Whenever I tell someone that I’m ‘engaged’, their first reaction is always to inspect the diamond ring on my left hand and ask me how he proposed. Well, the truth is, rather disappointingly for them, there is no traditional engagement story. For us, it was a lot more complicated than a weekend trip to Paris, a gourmet meal with a surprise ring hidden in dessert. And yet, it was a lot simpler.
My partner Pete and I had talked about marriage, so we, together, came to the decision that we should take the next step and engaged. A few months later we picked out a ring, and there was, I suppose what you would call a traditional proposal: him, kneeling on one knee, asking me to marry him, to which we both knew the answer would be Yes. There was no cliched romance; no tacky roses or string quartets. Most importantly, Pete didn’t ask for my father’s permission: something that he knew would It was perfect. The next month, I bought Pete an engagement ring and asked him right back. No, will you marry me?!
Almost five years later, Pete and I are still engaged (the term ‘fiance’ still makes me cringe), and we are planning our idea of the perfect wedding for next year. But it will not be a typical wedding; neither of us want to buy into the idea that we need a £500 three-tiered cake, a vintage Rolls Royce and cheap little table favours to have ‘the dream day’. Even during this recession, the wedding industry is still bigger than ever: the average couple will spend around £15,000 on their wedding day, the equivalent to a brand new car or a deposit for a newlywed home. With online gift registers, and Bridal Boot Camps, it’s as though the wedding businesses think as soon as a woman gets a ring on her finger she immediately turns into a Bridezilla.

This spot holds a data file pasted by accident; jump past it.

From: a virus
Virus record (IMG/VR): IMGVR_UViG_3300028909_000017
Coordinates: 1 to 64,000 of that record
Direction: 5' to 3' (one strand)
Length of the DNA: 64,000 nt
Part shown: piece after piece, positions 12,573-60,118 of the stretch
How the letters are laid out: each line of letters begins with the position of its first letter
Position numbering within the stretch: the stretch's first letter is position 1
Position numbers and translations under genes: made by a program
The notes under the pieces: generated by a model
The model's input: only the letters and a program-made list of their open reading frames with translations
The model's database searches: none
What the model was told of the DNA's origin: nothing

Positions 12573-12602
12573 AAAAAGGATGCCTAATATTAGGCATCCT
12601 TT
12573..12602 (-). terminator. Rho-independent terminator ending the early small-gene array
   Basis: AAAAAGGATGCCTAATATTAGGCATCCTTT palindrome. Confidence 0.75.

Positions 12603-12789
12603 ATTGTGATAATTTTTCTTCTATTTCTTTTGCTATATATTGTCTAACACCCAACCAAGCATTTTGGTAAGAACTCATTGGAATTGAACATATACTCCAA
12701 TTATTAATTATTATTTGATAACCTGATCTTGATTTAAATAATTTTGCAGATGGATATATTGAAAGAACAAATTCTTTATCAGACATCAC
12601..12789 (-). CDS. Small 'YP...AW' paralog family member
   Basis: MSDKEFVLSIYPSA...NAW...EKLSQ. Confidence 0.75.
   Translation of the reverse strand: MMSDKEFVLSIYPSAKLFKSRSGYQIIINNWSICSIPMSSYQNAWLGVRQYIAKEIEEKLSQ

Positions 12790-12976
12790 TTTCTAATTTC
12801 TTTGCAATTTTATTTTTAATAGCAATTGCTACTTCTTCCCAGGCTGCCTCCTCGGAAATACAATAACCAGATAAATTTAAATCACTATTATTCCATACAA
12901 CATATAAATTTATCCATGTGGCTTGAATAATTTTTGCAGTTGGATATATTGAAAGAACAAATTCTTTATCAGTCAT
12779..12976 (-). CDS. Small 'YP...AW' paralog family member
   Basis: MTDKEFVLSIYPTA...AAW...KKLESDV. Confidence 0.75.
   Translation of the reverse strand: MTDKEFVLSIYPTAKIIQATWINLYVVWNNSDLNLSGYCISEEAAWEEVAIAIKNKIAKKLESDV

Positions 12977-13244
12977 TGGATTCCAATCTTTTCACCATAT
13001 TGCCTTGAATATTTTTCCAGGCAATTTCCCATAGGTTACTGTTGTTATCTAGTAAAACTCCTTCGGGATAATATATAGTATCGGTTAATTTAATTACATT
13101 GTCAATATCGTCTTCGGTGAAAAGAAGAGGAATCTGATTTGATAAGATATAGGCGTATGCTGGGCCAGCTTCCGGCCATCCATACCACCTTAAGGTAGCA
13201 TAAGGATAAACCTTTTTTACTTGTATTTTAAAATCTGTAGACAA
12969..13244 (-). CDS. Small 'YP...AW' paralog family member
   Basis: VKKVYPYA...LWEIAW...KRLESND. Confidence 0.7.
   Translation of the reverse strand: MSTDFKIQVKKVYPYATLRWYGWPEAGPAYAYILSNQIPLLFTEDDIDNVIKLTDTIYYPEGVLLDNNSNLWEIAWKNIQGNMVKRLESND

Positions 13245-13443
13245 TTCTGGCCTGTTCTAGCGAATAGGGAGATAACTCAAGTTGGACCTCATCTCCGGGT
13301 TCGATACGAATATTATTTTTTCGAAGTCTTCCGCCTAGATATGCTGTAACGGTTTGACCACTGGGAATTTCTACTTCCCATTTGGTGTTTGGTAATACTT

But it wasn’t just the consumerist side of planning a wedding that turned us off. After much discussion, we realised that neither of us felt comfortable with some of the more sexist traditions. I will not promise to ‘obey’ my husband in my vows, nor will I be ‘given away’ by my father, in the ultimate patriarchal exchange. The bride will not wear white. And that’s just the wedding. The whole concept of marriage is borne out a time when women were property, passed from man to man. As soon as she uttered ‘I do’, everything that she owned automatically became her husbands, including her children and her rights. However, some of their old wedding traditions are still adhered to: phrases such as ‘man and wife’, as opposed to the more equal ‘husband and wife’, and ‘You may now kiss your bride’, as though the woman has no active role in her first married kiss, she must just passively ‘be kissed’. Transforming from a Miss to a Mrs (quite literally Mr’s, as in belonging to Mr), and taking his surname without a second thought are also hang-overs from a pre-feminist era. If I were to become Holly Andrews, as tradition dictates, what would happen to Holly Warren? Would she cease to exist? So, we both came to the decision that we would hyphenate our names, no matter how difficult it was, and that we would become Mr & Ms Warren-Andrews.
And so, next spring, Pete and I will be married in the local Register Office, followed by a meal at our favourite restaurant, surrounded by our favourite people. I will be wearing an off-white dress, holding in season peonies from a nearby florist, and the guests will throw all-natural, ethically sourced floral confetti. But most importantly the two of us will enter into marriage as complete equals.